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The year of the ox

Kung Hei Fat Choi to all my daily newsletter subscribers. Wishing you all happiness, health and wealth for this new year.

What is an Ox: Put simply, an ox (or oxen if you're talking about more than one), is any cattle over four years of age that has been trained to do work. Most often they are steers (castrated male cattle). Any breed of cattle can be trained to become an ox, although some breeds are better suited to it than others.

This is actually a Water Buffalo. Did you know that they control vegetation height, keeping an open wetland habitat, which is great for many waterbirds?

So whats the difference? A buffalo is larger and covered in more hair than an ox. And an ox is the male of the mammal cow. ... A buffalo is also a male but not castrated. The buffalo is a bovine animal and used mostly as livestock

Just a note from WWF who manage Mai Po where this animal was found:

As a haven for tens of thousands of migratory waterbirds each year, Mai Po Nature Reserve and the surrounding Inner Deep Bay wetlands sets a prime example of conservation success for regional wetlands, and offers visitors a close look at wildlife and a chance to appreciate nature’s beauty.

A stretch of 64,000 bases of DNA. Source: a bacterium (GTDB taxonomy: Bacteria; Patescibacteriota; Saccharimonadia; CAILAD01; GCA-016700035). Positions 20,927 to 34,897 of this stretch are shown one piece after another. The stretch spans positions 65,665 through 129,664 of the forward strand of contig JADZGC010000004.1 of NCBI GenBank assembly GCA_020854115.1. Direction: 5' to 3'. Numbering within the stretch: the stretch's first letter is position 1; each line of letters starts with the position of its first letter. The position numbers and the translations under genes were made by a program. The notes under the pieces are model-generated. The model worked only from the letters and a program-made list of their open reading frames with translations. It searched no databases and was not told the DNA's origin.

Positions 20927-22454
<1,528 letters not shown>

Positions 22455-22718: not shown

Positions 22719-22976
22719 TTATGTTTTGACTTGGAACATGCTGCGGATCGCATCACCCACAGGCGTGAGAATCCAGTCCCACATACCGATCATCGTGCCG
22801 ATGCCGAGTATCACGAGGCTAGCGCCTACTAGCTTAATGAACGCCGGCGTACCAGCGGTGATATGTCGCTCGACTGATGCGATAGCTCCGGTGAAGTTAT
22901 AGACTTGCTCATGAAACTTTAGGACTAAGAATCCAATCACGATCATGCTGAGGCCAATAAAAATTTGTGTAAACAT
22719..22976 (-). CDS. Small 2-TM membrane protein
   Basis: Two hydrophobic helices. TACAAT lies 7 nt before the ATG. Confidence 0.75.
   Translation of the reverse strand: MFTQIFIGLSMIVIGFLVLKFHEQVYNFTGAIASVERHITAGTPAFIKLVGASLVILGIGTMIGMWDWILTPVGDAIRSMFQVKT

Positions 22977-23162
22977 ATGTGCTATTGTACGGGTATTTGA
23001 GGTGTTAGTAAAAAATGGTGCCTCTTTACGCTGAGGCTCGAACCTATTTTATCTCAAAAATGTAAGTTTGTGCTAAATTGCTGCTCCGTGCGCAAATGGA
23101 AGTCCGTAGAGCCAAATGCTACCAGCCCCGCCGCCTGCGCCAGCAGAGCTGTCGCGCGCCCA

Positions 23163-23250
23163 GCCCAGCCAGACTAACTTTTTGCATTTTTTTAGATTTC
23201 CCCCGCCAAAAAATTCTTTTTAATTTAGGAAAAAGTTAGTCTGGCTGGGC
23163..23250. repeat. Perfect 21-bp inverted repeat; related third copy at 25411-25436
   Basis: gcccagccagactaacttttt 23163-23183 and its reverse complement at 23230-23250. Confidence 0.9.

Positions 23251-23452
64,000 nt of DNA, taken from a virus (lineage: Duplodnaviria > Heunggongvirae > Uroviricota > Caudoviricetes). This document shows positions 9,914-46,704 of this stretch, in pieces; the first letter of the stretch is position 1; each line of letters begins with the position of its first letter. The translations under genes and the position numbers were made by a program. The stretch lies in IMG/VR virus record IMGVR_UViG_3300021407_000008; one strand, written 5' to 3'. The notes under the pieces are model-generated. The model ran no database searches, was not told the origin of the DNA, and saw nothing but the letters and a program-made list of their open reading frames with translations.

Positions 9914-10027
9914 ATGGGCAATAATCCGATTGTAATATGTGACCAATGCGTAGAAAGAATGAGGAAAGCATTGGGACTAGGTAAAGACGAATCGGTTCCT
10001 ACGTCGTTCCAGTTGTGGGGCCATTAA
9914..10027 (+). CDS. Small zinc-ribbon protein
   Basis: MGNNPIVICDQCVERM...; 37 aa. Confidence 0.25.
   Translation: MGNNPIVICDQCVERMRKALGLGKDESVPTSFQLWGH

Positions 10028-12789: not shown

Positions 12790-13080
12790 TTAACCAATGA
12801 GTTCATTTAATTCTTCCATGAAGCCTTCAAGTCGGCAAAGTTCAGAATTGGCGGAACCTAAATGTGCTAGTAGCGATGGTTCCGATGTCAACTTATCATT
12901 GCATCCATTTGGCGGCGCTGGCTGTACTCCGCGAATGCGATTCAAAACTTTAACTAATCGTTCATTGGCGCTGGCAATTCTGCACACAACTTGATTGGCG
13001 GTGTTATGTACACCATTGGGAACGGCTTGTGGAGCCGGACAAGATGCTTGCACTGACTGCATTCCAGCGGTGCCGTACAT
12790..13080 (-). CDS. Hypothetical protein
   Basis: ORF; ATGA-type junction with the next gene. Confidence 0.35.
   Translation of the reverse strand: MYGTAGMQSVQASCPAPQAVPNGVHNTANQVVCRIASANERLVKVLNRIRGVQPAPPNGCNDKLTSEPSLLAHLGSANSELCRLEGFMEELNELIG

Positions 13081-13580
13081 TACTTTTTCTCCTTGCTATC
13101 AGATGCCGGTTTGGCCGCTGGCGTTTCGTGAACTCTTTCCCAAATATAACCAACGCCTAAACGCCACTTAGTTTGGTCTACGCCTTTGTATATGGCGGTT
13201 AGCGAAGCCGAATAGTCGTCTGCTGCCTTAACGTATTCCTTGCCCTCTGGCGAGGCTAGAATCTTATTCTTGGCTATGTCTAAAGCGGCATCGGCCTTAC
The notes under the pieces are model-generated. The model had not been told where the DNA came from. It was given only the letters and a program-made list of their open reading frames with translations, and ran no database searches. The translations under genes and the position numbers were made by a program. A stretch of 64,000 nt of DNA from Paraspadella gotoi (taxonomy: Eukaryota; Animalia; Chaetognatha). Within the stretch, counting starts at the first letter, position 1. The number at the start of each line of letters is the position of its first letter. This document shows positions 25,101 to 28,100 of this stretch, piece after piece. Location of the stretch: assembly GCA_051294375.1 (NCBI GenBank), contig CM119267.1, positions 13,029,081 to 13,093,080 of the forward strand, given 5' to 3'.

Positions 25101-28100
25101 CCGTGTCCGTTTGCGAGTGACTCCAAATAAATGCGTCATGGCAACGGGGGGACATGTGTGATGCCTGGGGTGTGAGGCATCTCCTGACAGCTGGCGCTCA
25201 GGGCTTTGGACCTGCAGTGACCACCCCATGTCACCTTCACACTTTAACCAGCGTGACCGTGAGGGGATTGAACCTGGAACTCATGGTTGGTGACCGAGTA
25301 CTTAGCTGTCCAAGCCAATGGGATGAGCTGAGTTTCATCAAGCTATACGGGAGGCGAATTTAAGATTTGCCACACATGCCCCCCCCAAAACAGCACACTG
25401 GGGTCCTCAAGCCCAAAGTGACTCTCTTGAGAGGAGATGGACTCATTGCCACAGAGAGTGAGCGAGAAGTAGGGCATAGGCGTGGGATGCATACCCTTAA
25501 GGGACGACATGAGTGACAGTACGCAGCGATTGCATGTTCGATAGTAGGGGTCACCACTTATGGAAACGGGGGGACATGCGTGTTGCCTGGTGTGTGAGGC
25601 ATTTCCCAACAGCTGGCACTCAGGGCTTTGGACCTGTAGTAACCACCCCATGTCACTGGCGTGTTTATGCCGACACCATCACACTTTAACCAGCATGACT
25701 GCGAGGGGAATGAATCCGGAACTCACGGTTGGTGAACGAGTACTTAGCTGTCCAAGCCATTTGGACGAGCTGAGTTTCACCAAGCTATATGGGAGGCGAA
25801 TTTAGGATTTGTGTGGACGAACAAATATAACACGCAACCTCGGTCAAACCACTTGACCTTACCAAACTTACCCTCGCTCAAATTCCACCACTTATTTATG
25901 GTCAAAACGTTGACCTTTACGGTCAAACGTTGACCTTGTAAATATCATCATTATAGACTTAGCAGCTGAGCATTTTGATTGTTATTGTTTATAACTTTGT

Located on the northwestern corner of Hong Kong, the Mai Po and Inner Deep Bay wetlands have been recognised as a Wetland of International Importance under the prestigious Ramsar Convention since 1995. The 1,500-hectare area serves as a key way station and wintering site along the East Asian-Australasian Flyway (EAAF) along which 50 million migratory waterbirds travel each year.

The six main habitats in Mai Po Nature Reserve and the surrounding area – gei wai, freshwater pondsinter-tidal mudflats, mangroves, reedbeds and fishponds – are home to a host of wildlife.

An infrastructure upgrade and improvement programme is currently underway at Mai Po Nature Reserve, creating universal access and providing opportunities to empower people from different backgrounds and all sectors of society with important knowledge about wetland and environmental protection as well as sustainable development.

The most extensive of these works is funded by a HK$347.86 million grant from the Hong Kong Jockey Club Charities Trust. The project has been in the planning stages since 2016. Construction kicked off on 10 September 2018, with the start of internal renovations at the Mai Po Education Centre.

The project will create an enhanced exhibition area with interactive learning for young people, wet/dry laboratories that offer students and researchers the opportunity to interact with flora and fauna, conduct research and collect citizen science data, augmented reality, and tactile and auditory experiences. The first phase will be ready in mid-2019.

Part of the upgrade includes the construction of a new Peter Scott Field Studies Centre and the building of two tower hides, one in the northwest and another, south of the reserve. Supporting the visitor experience, a one-kilometre natural boardwalk linking the Agriculture, Fisheries and Conservation Department post and the Education Centre will replace the existing path and provide universal access facilities.


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